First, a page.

The Bengali bhodrolok (gentleman) is not always bhodro(gentle). They too fly off the handle but unlike some places in India, a Calcuttan’s anger is limited to a riposte
By Somashis Gupta
Soybean is mutton. It was a thought I harboured until I was 7. It is incredibly hard to exert your individuality at that age. No one ever wants your opinion about anything, on any subject, at any time, about nothing. The summer holiday to Shillong also detoured to Calcutta without my vote. For a young boy from the hills, June in Calcutta is like mashed chilli on toast. I soon realised how a tiny changeof ‘y’ to ‘i’ in the words ‘chilly’ and ‘chilli’, makes the eccrine and apocrine glands, work over time.
However my dadu bari (Grand parent’s home in Bengali) was fun. Located in Goria Gardens, it was unlike the concrete jungles of the city. The morning tea amidst lush green trees of the bungalow were accompanied with Britannia biscuits. The other partaker of the morning adda included, a murder of crows, a swarm of sparrows, and a few lapwings. The feed of rice grains seemed luscious, until one day my courteous mother offered them some biscuits. The rice grain remained untouched since then, leading to prosperity of Britannia further.
In due course, I advanced from Mickey and Donald shows to Star Movies, and so did my opinions, as I moved to Calcutta to ascertain my carrier. The city of joy was not joyous initially but with each approaching gray hair the fondness towards the place enhanced, just like my gray matter. Today the city is a part of my life indelibly. Let me tell you a few stories.
It was April, I remember, when I arrived in Calcutta.The extreme climate mixed with a sense of loss due to migration had a deleterious effect on my mental health, but still I moved on ….
….and on the bus was the first escapade of the city.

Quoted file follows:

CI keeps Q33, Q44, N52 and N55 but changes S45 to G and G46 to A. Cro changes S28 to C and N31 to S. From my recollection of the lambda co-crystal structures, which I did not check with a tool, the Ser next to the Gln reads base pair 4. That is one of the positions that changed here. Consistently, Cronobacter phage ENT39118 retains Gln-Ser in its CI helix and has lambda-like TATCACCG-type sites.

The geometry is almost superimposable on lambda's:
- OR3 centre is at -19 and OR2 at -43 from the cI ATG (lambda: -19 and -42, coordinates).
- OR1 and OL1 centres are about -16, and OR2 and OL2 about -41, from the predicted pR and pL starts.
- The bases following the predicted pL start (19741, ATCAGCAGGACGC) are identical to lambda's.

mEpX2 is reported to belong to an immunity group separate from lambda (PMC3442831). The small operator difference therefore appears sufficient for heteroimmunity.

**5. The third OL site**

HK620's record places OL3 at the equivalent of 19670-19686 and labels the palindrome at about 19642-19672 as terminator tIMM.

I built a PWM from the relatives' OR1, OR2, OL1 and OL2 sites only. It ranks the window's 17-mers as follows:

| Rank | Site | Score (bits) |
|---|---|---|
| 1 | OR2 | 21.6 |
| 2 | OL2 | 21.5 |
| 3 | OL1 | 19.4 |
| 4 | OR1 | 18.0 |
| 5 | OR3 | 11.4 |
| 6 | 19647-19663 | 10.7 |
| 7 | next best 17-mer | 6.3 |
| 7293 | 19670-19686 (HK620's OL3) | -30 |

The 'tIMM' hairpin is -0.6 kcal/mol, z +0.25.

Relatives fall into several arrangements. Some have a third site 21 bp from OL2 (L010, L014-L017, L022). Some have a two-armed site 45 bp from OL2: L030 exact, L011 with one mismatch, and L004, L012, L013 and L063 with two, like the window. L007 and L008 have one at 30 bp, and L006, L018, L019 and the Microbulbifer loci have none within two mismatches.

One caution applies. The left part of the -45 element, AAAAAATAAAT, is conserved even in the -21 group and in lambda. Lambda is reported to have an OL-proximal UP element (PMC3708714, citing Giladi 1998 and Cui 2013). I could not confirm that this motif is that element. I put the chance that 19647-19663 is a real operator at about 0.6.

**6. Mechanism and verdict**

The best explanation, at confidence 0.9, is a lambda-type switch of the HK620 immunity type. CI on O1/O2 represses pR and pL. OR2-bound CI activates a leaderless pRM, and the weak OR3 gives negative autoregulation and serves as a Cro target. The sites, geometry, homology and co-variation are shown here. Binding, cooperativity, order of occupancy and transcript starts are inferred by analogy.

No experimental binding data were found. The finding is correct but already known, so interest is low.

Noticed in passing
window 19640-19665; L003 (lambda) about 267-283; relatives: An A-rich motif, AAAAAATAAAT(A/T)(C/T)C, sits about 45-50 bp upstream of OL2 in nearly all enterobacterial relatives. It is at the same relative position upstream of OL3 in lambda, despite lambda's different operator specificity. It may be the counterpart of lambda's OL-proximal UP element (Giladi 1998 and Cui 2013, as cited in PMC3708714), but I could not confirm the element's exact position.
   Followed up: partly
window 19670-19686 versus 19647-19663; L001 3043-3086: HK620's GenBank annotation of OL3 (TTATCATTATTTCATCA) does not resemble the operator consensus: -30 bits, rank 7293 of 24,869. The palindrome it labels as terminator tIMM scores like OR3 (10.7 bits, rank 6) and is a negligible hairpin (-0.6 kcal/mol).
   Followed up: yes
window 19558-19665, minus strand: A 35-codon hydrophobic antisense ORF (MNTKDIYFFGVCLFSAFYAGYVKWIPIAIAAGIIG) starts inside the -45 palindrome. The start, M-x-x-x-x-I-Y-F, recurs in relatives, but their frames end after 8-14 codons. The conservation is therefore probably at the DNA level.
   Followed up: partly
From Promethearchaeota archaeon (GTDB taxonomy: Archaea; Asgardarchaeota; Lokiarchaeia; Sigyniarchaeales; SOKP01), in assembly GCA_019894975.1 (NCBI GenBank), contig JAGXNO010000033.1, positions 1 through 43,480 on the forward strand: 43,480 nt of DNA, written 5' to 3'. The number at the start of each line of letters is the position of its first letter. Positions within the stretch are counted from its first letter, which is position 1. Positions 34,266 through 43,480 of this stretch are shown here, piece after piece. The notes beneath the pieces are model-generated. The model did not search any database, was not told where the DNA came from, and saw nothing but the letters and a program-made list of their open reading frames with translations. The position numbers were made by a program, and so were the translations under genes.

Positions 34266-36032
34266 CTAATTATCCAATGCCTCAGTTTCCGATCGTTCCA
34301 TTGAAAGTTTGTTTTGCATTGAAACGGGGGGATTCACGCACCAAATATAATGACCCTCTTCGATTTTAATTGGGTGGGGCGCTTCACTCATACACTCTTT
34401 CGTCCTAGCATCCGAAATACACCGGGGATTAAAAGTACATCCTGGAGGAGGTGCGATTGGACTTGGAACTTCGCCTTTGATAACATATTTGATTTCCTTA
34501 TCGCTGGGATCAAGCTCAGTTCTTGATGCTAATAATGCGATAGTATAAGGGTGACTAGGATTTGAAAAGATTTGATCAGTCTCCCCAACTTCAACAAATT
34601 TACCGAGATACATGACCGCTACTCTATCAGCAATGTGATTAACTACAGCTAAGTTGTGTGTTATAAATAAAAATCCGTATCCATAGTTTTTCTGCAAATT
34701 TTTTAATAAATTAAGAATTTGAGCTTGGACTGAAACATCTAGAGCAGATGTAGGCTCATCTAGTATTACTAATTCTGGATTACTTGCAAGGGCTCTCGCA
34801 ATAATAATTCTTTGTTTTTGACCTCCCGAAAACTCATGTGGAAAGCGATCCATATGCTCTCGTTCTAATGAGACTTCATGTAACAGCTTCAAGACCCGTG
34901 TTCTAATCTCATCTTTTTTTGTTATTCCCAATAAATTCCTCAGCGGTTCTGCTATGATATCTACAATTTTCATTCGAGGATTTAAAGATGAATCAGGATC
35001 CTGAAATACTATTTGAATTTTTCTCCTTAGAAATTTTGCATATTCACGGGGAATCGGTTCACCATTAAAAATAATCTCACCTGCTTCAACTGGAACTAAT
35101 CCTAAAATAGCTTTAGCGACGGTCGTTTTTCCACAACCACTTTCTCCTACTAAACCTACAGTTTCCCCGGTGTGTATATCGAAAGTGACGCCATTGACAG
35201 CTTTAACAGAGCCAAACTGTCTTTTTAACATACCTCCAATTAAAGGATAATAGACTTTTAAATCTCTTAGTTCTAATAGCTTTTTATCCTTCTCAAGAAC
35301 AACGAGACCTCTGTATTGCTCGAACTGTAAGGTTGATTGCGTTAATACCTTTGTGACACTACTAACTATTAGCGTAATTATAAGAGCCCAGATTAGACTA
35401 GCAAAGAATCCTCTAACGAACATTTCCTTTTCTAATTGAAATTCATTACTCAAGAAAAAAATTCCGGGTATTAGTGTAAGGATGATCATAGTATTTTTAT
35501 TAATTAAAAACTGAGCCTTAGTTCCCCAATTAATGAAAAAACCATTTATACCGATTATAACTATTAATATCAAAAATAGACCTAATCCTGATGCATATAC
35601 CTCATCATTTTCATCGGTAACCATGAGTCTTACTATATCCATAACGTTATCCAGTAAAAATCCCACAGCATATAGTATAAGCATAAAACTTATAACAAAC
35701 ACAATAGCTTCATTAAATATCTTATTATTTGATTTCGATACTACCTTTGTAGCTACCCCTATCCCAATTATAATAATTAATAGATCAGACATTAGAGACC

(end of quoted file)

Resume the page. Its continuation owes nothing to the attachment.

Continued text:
The rear most seat of the public bus can accommodate 8 to 9 people. The additional number 9, is subject to the surface occupied by mass of the posterior. In one such bus, a heavy weight rushes in, and to embed himself goes to the pre-seated 8 passengers, and says “Dada, ektu chepay” (please let me sit), a prompt reply comes “Jayga nai”(no place). A few minutes later, a bantam weight approached our sitting 8, and is offered a place instantly. The furious heavy weight starts protesting and raises his objections, when suddenly from somewhere in the bus comes a voice… “dada, baari ferar shomoy pocket e kore misti-kumro neben na pati lebu neben?”(Is it easy to carry a pumpkin or lemon in your pocket while going back home?). What a brilliant whataboutery I thought.
But the Bengali bhodrolok (gentleman), is not always bhodro(Gentle). They too fly the handle at times, but unlike some places in India where a fight often ends up in shooting each other, the magnitude of anger of a Calcuttan is expressed by a waggish riposte.
I was standing in one of the road side stall having ordered an egg roll. A man after receiving his roll, belligerently speaks to the shop keeper, and says .. “I would need to ‘phone a friend’ Durjodhan to unwrap this, he would need to do the bastraharan, before I can eat,” as it was wrapped with too many layers of paper.
The intellectual capital of India has a unique way of disparaging as well. In some parts of the country people add a prefix of your female relative when they abuse, but here, you get directly hit at your intelligence by being called a boka@#$& … oops I meant … well you know what I meant.
I saw a group of people once engaged in a verbal fight over some unknown issue. A dhoti clad elderly gentleman walks up to the crowd, gives his bajarer bag to a nearby shop, closes his umbrella and flings it at the crowd, I thought he might have dropped a clinger, but then, he goes to the shop, takes his bag, and asked “Poltu ki hoyache ray?” (Paltu why are they fighting). A deliberate attempt to show protest, and I realized I am in Calcutta.
A bus ride in Calcutta is an experience in itself. You can often hear the bus conductor shouting at the driver “aaste, ladiz kole bachcha” (slow down lady with a kid), but the other day,a handyman called out “aaste, jama nabche” (slow down cloths disembarking). A surprised me looks out, and finds, the dupatta of the lady who just got down, was still in the staircase of the bus. Innovative humour at its best.
I have travelled far and I have travelled wide , but I have never seen a place so unique, which gives me warmth, which gives me laughter and which gives me life, perhaps that is why they call it “the sweetest place in India”, and that is why the city is a part of my life indelibly.
PS: Some portions are an adaptation from the jokes of Harry Belafonte, Dipangshu Acharya and Anirban Dasgupta.
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A devoted foodie with keen interest in wild life, music, cinema and travel Somashis has evolved over time . Being an enthusiastic reader he has recently started making occasional contribution to write-ups.